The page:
Budget highlights long-term value of China trade

Budget highlights long-term value of China trade

Wed, 09/05/2018 - 12:16
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Chinese Premier Li Keqiang with Prime Minister Malcolm Turnbull at Parliament House in Canberra in March 2017. Photo: Reuters/David Gray

Increased spending in Australia’s federal budget has underscored the long-term importance of the country’s trade relationship with China, but the government’s commitment to return to surplus could yet be derailed by global trade tension.

Malcolm Turnbull’s Liberal government unveiled a wide range of infrastructure spending commitments it its annual budget, while at the same time forecasting a return to surplus by 2019-20.

Those commitments included the continuation of the Liberal government’s $75 billion, 10-year infrastructure plan to improve road and rail networks across the country, as well as a $30 billion five-year plan to upgrade hospitals.

More than $2.5 billion will be spent to upgrade public technology infrastructure, $1.6 billion on residential aged care, and $294 million was committed to improving national security.

ShineWing Australia managing partner Danny Armstrong said the country’s strong trade relationship with China had essentially bankrolled a number of the new initiatives.

“Over the past 10 years we have seen a growing interdependency between our economies, and the types of spending initiatives that we have seen are in part made possible because of increased demand and improving prices for Australian commodities from China,” Mr Armstrong said.

“However, the Chinese economy is maturing, and as demand grows for more sophisticated products and services, Australia will have to work hard to maintain its current position.

“This underscores the importance of government investment which encourages innovation, creates better products and services, and delivers world-class infrastructure which drives efficiencies and makes it simpler for Australian companies to compete on the world stage.”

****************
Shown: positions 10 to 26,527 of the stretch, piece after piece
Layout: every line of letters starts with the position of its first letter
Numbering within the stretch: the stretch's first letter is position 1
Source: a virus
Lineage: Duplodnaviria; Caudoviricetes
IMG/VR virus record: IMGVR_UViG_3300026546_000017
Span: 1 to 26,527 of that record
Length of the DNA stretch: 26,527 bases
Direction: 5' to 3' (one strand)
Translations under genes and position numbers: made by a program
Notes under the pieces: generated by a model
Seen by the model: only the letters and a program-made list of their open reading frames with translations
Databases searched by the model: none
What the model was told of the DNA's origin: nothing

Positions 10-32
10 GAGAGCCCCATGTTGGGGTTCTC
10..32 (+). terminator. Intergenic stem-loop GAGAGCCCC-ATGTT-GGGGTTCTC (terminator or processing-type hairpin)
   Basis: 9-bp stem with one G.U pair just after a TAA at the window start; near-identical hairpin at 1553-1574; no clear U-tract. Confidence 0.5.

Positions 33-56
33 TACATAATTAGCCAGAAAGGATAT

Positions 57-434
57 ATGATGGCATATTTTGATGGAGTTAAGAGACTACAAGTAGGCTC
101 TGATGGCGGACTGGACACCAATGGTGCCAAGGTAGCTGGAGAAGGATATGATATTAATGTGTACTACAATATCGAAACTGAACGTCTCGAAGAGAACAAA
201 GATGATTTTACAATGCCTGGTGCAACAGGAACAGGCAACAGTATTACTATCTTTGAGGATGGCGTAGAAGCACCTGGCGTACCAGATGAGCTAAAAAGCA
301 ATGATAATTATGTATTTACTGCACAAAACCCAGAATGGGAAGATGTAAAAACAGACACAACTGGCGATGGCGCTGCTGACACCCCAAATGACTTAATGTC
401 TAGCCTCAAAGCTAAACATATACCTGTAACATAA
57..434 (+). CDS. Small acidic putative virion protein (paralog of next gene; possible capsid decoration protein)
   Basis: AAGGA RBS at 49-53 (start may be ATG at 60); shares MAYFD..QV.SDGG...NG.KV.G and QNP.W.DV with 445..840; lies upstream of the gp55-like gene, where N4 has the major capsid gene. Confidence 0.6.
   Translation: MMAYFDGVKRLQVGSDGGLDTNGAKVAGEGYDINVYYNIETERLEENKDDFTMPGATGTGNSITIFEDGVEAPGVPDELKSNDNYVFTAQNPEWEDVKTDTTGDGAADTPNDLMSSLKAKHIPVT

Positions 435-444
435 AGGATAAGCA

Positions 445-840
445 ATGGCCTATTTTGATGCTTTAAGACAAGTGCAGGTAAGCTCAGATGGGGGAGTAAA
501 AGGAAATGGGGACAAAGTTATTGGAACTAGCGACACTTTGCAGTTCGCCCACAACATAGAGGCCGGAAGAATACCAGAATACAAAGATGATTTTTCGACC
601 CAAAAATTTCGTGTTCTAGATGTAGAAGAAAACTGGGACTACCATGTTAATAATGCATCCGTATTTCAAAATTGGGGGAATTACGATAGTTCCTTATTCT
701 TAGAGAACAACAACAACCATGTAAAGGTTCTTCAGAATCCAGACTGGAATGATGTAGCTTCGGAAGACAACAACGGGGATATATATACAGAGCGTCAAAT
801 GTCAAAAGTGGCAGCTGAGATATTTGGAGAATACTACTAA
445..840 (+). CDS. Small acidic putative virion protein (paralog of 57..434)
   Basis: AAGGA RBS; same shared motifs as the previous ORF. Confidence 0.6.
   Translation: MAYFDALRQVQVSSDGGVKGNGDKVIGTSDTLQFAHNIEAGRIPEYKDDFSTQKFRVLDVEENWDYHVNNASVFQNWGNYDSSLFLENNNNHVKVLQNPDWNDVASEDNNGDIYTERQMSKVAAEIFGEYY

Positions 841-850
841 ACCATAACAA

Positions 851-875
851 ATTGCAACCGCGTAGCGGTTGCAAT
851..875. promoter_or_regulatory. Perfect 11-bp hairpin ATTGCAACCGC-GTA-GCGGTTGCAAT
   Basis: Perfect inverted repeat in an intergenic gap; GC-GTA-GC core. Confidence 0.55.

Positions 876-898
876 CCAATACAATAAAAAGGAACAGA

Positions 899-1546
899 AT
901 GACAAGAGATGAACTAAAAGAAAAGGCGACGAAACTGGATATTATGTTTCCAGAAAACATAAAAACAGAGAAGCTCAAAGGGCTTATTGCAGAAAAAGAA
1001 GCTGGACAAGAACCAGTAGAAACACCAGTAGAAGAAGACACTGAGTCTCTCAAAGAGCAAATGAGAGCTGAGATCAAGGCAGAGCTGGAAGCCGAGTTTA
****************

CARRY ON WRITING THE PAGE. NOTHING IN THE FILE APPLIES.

While Mr Armstrong said many Australian and oversees businesses may not readily identify the benefits of the new federal budget, the long-term commitment to investment would improve the performance of the national economy.

“Businesses that want to take advantage of these opportunities need to partner with a trusted advisor who has the capability and networks to help them navigate the complexities of the bilateral relationship,” Mr Armstrong said.

Other initiatives unveiled in the budget included a four-year, $13.4 billion income tax package which would provide immediate tax cuts for low and middle-income households, and a proposal to abolish the highest income tax bracket of 37 per cent by 2024-25.

Capital Economics Australia chief economist Paul Dales said those tax cuts would likely result in the Reserve Bank of Australia keeping interest rates on hold until late next year.

“Overall the treasurer appears to be using a rosy outlook for the economy to justify income tax cuts and an earlier surplus,” Mr Dales said.

“We believe that low wage growth and a weakening housing outlook will mean the economy doesn’t live up to those high hopes.”

Global ratings groups welcomed the return to surplus by 2019-20, coming in at $2.2 billion in that year, despite forecasts predicting a $2.6 billion deficit in the government’s December mid-year review.

The surpluses were predicted to increase to $11 billion in 2020-21 and $16.6 billion in 2021-22.

Ratings agency S&P said in a statement following the budget’s release that strength in the national and global economies as well as fiscal prudence had eased negative pressures on the country’s credit rating.

However, S&P said global trade tensions could dampen economic growth among Australia’s key trading partners.

“As such, risks to the government’s plan for an earlier return to budget surpluses are significant,” S&P said.

“The outlook on the long-term Australian sovereign ratings remains negative for now to reflect those uncertainties.”